PHOENIX, AZ — One day after the release of their ninth studio album Integrity Blues, as well as an intimate in-store performance and signing at Zia Records (Mesa) in homage to their roots, Arizona’s own Jimmy Eat World returned to the stage for 93.3 ALT AZ’s Zombie Prom Music Festival.
— Burning Hot Events (@BHEArizona) October 21, 2016
Now more than halfway through the U.S. leg of their album release tour, J.E.W. was slated as the night’s headliner, preceded by a long-awaited performance by pop-punk legend Good Charlotte. The full lineup also included The Struts, Lewis Del Mar, Barns Courtney, K. Flay, and The Hunna.
It’s hard to believe both of these iconic bands have been dominating the alternative rock scene since the early nineties, famed for timeless hits like Good Charlotte’s “Anthem” (2002) and Jimmy Eat World’s “The Middle.” (2001). Blood-spattered prom dresses and tattered tuxedos speckled the lawn of Fear Farm this past Saturday while undead fans began spilling through venue gates as early as 2:30p.m.
Following a Steven Tyler-esque performance by The Struts frontman Luke Spiller later that night, Good Charlotte collectively stepped into the spotlight for the first time in five years. The group announced an end to their hiatus in November of 2015, and have since released their sixth studio album Youth Authority, a revitalizing tribute to the heavy-handed, punk rock sound Good Charlotte fans have come to know and love.
All at once the intro to “Anthem” roared across the stage, lights throbbing in rhythm as onlookers burst into a sea of fist-pumps, audibly singing along to every word. Good Charlotte’s drummer Dean Butterworth was unable to accompany his bandmates to their comeback performance. They were, however joined by Tony Palermo of post-hardcore band Papa Roach. Joel went on to explain that Tony had learned the setlist on his way to the show, with no rehearsals.
The energy of the crowd seemed to mirror the intensity of the music, surging through classic throwbacks like “The Story of My Old Man,” “Girls & Boys,” and “Riot Girl.” As the audience raged with excitement, Joel’s voice once again took over the speakers.
“We were off for five years! We made a new record and I want to play a song off of it. This is our first night on tour. If I teach you a song, will you sing it with me?”
His question of course, was met with a resounding and exuberant, “Yes!”
Next up on the setlist was “Life Changes” off of Good Charlotte’s latest album. Despite having been released in May of 2016, this track sounds like it could have been off their first album The Young and the Hopeless back in 2002. The band followed up their latest hit with Avenged Sevenfold collaboration, “The River” and lastly, “Lifestyles of the Rich and Famous.” Needless to say, Good Charlotte hasn’t lost their touch — and they still put on one hell of a show. (View Full Setlist)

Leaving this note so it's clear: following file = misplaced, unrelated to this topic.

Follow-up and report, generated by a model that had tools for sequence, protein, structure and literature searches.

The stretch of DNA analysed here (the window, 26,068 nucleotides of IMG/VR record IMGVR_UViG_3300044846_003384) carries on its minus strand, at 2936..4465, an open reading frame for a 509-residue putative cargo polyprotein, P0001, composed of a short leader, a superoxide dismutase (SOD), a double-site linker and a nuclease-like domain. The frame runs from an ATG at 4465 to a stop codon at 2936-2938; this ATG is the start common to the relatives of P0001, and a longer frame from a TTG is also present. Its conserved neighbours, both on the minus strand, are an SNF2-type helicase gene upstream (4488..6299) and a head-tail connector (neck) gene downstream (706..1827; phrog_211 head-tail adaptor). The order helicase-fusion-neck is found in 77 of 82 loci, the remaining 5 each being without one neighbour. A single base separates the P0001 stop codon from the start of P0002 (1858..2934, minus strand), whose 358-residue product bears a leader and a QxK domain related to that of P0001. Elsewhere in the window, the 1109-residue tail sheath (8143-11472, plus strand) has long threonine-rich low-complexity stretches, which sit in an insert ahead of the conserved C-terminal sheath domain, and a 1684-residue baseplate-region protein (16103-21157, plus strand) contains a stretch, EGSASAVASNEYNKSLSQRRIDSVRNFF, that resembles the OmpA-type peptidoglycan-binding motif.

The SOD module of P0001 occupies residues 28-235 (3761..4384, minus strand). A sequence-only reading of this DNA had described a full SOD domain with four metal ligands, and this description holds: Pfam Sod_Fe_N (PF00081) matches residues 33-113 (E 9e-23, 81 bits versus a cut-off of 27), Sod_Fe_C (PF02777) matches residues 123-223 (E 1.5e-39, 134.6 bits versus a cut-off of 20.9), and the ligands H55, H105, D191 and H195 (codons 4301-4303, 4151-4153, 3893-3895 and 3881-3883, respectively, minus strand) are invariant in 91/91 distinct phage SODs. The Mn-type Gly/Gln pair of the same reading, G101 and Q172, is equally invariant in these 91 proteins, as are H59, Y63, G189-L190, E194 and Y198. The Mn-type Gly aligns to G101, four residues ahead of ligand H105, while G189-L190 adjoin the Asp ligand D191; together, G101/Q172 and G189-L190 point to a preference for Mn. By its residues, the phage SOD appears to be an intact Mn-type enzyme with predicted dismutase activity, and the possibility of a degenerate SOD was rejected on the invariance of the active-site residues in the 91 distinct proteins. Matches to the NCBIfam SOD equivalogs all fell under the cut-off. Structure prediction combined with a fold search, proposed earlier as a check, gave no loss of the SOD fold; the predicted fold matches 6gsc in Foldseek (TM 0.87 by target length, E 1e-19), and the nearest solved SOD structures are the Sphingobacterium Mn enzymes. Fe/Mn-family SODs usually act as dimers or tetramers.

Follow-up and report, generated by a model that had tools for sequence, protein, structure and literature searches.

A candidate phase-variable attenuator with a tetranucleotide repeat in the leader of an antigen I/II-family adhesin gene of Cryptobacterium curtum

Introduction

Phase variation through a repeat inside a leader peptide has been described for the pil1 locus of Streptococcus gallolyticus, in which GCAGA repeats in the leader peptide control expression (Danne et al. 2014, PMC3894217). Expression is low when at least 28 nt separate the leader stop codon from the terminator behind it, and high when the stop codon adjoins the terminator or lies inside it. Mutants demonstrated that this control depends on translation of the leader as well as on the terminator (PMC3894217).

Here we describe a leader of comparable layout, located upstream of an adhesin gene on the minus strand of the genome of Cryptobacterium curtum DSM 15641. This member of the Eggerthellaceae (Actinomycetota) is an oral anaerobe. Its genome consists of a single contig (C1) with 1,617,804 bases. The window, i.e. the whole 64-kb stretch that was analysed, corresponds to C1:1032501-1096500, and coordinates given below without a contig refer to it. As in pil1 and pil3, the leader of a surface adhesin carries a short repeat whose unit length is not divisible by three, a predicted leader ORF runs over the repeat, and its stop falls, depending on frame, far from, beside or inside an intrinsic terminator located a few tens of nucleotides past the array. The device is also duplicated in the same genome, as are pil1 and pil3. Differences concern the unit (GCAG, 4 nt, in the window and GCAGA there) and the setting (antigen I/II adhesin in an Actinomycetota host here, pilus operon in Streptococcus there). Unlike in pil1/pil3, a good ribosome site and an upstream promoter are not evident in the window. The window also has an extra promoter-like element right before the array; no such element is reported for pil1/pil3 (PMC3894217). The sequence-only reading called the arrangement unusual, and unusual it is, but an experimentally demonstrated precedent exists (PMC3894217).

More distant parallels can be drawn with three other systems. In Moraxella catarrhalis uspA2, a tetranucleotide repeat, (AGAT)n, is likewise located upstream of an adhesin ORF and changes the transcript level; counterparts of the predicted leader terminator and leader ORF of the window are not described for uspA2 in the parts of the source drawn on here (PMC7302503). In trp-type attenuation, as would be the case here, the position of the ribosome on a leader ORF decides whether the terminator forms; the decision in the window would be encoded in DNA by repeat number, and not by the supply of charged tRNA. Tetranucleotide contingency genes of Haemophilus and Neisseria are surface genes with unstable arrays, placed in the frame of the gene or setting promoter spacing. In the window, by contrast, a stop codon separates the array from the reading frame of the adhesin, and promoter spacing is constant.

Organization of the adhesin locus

After a brief soundcheck, members of Jimmy Eat World took the stage one-by-one. Some might say that Good Charlotte would be a tough band to follow after a year off from music, but Jimmy Eat World is one of those bands that is absolutely electrifying when seen live. Zombie Prom was slated to be J.E.W.’s first major Arizona performance since the Summer Ends Music Festival in 2015.
As a shimmering blanket of blue and violet fog billowed out above the stage, Jim Adkins humbly stepped forward, greeting the crowd as if we were all old friends. “We are Jimmy Eat World! Originally from Mesa, Arizona. Thanks for being a bunch of dead people,” he joked. The first few notes of “Get Right” echoed across the venue, and the audience was once again overjoyed, yelling out song titles in hopes of hearing their favorite tracks played live. Although Jimmy Eat World has a definite down-to-earth quality about them, their stage presence is one to be reckoned with.
Adkins and Linton seemed to become one with their instruments as the group passionately moved through popular songs like “Bleed American” and “I Will Steal You Back.” The authentic quality of Adkins’ vocals was especially evident as the band transitioned into a few newly released tracks including “You Are Free” and “Pass the Baby” — a particularly unique composition off of Integrity Blues due to its soulful metaphors, hard-rock undertones and one mega-explosive breakdown.
Saturday’s show also included “You With Me” and “Sure and Certain” off of Integrity Blues, among a myriad of other hits from previous records over the years. Of course, the night wouldn’t have been complete without a crowd-thumping performance of “The Middle” and “Sweetness,” each of us singing the lyrics back through every verse. It was the ultimate album homecoming party, with a robust 19-track set list to boot. (View Full Setlist)
by Katherine Amy Vega
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